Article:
Do our devices listen to us?

Phones cannot collect voice data unless prompted


Graphic by Baeyoung Yoo.

To junior Anna Mendelson, her phone is both a regular source of entertainment and a practical communication tool. While using her device, Mendelson receives frequent advertisements she believes are tailored to her interests.

“On Instagram, I get a lot of ads that have dogs in them, and I’m really interested in dogs,” said Mendelson. “I don’t own a dog, but I talk about them a lot.”

Peter Swire, professor of law and ethics at Georgia Tech and cyber law expert, said in a phone interview that phones do not listen to or record conversations.

Technology companies collect data from devices through apps and general online searches, and some apps and smart speakers collect snippets of voice data to verify voice recognition works, Swire said.

“If you have apps sitting on your phone, they’re probably still collecting data about you,” said Swire. “So clean out your apps and only keep the apps that you really want to use.”

Users can read an app’s privacy policy to decide whether they are comfortable with sharing data with the company, Swire said.

“[Companies] are not supposed to be collecting [voice data] that would be used for targeted advertising,” said Swire. “I’m not aware of any app currently that is collecting your voice for advertising when your phone is on.” 

According to junior Nathan Sever, he believes most of the advertisements he sees on his phone are random and do not target his interests.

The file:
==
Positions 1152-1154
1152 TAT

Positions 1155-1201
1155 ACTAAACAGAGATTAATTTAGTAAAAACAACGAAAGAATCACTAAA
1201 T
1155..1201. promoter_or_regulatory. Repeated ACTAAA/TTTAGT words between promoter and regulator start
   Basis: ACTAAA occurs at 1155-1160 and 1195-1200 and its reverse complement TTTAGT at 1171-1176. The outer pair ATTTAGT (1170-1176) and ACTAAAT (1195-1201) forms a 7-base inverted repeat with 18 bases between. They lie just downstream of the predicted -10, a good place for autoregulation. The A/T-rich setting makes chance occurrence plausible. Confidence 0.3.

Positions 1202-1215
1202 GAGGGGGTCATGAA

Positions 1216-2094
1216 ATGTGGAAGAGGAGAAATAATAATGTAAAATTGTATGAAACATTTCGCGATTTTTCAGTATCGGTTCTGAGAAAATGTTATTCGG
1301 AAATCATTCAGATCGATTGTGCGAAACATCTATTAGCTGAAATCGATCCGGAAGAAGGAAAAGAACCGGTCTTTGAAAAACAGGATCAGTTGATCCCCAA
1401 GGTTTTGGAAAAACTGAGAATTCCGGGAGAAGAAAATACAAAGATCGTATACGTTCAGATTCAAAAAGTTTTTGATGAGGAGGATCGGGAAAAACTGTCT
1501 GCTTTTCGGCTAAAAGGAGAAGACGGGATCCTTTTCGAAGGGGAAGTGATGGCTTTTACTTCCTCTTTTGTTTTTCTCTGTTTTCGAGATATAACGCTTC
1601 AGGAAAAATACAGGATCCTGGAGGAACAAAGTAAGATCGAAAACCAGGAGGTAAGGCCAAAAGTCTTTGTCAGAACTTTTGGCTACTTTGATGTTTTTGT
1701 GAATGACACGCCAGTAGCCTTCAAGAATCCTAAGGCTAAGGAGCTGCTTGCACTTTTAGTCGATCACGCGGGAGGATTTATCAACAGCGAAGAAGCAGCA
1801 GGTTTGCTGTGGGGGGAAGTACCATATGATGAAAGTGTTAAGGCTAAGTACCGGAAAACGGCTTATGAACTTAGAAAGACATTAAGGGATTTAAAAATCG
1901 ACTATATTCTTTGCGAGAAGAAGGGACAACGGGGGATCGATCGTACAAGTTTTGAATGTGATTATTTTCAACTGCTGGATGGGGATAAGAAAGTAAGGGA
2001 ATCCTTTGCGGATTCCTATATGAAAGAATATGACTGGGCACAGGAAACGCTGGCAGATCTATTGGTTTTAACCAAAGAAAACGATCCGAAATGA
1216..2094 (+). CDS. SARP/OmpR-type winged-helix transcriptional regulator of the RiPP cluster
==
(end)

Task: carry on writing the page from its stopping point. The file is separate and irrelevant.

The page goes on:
“When I talk about something, usually it’s somethingthat I … previously searched,”said Sever. “I find it’s not all too common I get [targeted] ads.”

Kirk Borne, chief science officer at DataPrime, said in a phone interview that phones do not directly listen to users’ voices as the voice recognition feature is not active on most apps. 

“I think there may bea little bit too muchfear that [listening] is happening,” Borne said. 

Whenusers activate voice search and receive advertisements for items, some individuals may incorrectly believe that their phone listens to them, Borne said. 

Phones only listen to conversations when users prompt them to listen to voice commands, Borne said. 

“I might do a web search on my phone using my web search engine, and I’ll do a voice search,” said Borne. “[The phone] hears me, but I specifically click on the little microphone to do the voice search.”

Some devices are able to activate from a certain voice command, such as saying the device’sname or a key wake-up phrase, Borne said.

“It’s not listening in the same way that a human is listening to your conversation and knowing what you’re talking about,” said Borne. “It wakes up when it hears its name.”

There have been some instances when devices were discovered to be recording conversations and storing them without the user agreeing to it, Borne said. 

Therehave been consequences for companies that have done this because devices are not legally authorized to collect voice data for targeted advertising by default, Borne said.

“Most reasonable companies will not take advantage of [technology], but there will be those that do take advantage,” said Borne. “For the most part, hopefully, it doesn’t happen. I don’t think we need to think that the world is spying on us.”

According to Mendelson, the ways in which her phone collects information from her online activity do not discourage her from using digital services.